The Full Monty

The Full Monty (Film) – Image courtesy of www.fmvmagazine.com

I love this film. Six unemployed steelworkers from Sheffield decide to make a few bob by performing a strip show, doing the “Full Monty” (strip all the way).

My personal message from this film is: if you do something, do it right, from beginning to end, regardless of how cumbersome, difficult or (in the guys’ case) embarrassing it is – do it properly or leave it. It pays (sometimes literally) off, you are proud of the achievement and you might even get some credit.

“The Full Monty”, that’s what came into my mind, when I read Eric Romang’s blog about a problem he discovered recently with signed Java apps.

His findings in a nutshell: Java JARs can be digitally signed in order to allow them to operate outside their sandbox, effectively allowing them to download / install additional software on the target computer. The digital fingerprint is a token of trust, which is issued by a (legitimate) company using its own digital certificate. In other words signed apps are deemed to be secure and trustworthy.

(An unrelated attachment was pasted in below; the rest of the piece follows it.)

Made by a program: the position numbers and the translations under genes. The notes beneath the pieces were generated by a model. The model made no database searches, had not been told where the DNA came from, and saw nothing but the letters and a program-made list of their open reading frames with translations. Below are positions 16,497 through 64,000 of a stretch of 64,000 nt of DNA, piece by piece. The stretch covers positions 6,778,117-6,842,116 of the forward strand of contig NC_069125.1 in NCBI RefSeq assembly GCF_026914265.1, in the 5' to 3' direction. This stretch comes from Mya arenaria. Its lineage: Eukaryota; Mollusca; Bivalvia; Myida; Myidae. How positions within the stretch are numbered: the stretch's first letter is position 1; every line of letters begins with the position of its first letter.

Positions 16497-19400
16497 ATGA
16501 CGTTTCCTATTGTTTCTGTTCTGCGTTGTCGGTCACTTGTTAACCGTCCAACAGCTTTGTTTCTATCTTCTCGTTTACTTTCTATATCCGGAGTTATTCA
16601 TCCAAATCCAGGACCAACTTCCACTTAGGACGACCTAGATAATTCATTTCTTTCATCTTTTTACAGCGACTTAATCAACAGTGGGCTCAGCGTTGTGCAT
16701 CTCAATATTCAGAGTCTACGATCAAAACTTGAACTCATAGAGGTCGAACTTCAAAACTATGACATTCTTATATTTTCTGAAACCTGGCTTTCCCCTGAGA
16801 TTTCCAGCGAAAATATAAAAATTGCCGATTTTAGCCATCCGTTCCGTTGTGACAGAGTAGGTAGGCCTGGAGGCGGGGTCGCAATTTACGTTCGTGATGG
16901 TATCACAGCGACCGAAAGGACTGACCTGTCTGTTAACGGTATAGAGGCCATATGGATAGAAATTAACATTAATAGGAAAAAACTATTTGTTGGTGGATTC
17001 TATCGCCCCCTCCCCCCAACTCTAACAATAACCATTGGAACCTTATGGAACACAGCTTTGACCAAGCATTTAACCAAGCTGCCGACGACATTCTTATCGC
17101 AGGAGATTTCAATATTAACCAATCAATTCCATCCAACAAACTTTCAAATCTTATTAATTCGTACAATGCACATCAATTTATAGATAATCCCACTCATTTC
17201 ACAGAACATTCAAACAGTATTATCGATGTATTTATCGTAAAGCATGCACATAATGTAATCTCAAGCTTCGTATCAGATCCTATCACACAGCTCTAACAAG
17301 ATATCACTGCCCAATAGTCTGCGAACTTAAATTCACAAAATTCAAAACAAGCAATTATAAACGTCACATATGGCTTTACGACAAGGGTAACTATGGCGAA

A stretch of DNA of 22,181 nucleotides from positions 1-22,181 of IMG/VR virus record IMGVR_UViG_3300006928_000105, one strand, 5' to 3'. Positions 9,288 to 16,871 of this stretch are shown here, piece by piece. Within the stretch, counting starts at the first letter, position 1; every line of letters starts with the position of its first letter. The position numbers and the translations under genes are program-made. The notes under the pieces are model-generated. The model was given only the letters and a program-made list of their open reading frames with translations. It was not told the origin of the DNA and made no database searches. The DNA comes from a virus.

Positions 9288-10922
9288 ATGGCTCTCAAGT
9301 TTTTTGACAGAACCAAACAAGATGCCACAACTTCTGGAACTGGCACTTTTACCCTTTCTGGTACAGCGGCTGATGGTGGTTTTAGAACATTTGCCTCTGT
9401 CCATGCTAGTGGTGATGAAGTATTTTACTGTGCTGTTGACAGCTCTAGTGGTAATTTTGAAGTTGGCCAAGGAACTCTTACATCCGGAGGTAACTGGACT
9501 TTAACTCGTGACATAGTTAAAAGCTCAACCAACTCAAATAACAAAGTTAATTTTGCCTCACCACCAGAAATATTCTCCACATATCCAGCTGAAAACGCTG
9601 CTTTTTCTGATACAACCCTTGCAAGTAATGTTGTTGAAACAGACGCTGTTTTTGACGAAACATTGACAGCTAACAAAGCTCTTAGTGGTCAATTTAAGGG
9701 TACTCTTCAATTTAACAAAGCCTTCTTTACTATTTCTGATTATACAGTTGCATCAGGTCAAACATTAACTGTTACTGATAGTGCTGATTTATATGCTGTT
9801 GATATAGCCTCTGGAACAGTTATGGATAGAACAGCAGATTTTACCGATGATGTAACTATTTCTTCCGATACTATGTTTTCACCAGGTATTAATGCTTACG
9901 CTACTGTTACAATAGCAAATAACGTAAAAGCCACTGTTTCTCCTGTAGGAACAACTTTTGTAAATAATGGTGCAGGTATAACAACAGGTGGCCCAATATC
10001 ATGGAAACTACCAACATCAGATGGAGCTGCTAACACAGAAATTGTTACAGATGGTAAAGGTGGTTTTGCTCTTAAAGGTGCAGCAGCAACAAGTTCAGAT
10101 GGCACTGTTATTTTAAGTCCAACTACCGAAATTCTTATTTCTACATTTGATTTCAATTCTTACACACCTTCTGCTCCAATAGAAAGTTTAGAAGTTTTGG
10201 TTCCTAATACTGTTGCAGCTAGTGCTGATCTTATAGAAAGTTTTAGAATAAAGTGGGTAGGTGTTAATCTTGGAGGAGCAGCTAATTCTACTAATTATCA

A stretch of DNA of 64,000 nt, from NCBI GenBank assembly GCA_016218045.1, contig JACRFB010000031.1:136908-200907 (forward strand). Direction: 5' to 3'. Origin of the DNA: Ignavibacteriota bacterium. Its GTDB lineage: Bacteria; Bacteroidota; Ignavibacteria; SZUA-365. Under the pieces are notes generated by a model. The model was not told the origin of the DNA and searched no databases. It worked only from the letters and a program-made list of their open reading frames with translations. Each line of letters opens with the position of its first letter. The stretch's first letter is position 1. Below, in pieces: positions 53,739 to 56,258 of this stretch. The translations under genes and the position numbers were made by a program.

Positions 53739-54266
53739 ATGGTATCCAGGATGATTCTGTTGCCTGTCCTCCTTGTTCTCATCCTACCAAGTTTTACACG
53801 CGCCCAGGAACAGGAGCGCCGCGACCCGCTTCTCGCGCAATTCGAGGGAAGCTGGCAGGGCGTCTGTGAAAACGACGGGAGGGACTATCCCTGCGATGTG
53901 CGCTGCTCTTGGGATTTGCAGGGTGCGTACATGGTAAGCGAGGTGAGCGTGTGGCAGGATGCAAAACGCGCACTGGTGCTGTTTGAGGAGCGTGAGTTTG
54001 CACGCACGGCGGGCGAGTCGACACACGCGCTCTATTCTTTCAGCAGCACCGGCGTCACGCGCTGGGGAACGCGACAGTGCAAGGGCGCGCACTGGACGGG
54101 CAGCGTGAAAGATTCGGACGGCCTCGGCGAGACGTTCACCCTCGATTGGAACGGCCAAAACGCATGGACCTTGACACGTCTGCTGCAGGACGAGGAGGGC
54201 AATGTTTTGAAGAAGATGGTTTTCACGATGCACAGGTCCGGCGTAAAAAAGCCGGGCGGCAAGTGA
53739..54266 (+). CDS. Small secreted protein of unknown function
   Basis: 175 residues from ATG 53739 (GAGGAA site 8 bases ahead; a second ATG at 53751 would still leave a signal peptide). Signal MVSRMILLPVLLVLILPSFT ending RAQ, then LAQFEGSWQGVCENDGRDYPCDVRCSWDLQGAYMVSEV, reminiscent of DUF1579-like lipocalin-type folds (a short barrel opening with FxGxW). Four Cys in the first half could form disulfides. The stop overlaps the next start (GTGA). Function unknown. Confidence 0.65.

Java control panel

Java control panel

That’s the fundamental concept of trust in PKIs.

However, one of the problems Eric Romang discovered was that the Java runtime environment verifies the fingerprint of a JAR file, but does not check by default the signer’s certificate for revocation. This option needs to be manually enabled (see the Java control panel on the right).

This is a major faux pas in the Java environment and resulted in a situation, where a “trusted” but malicious app (that was signed by a revoked certificate) installed an exploit kit on host computers.

Here in OSNA we are working on PKI solutions for M2M communication in isolated networks, basically configurations where OCSP (Online Certificate Status Protocol) is not available and the management and distribution of CRLs (Certificate Revocation List) is tricky.

However, despite these constraints we are working on the Full Monty, as a PKI without revocation is useless and gives a wrong sense of security to users.

In the above film, Horse, one of the main characters, gasped “Nobody said anything to me about the Full Monty!” when the group’s intentions were made public. Well, we in OSNA have been told.

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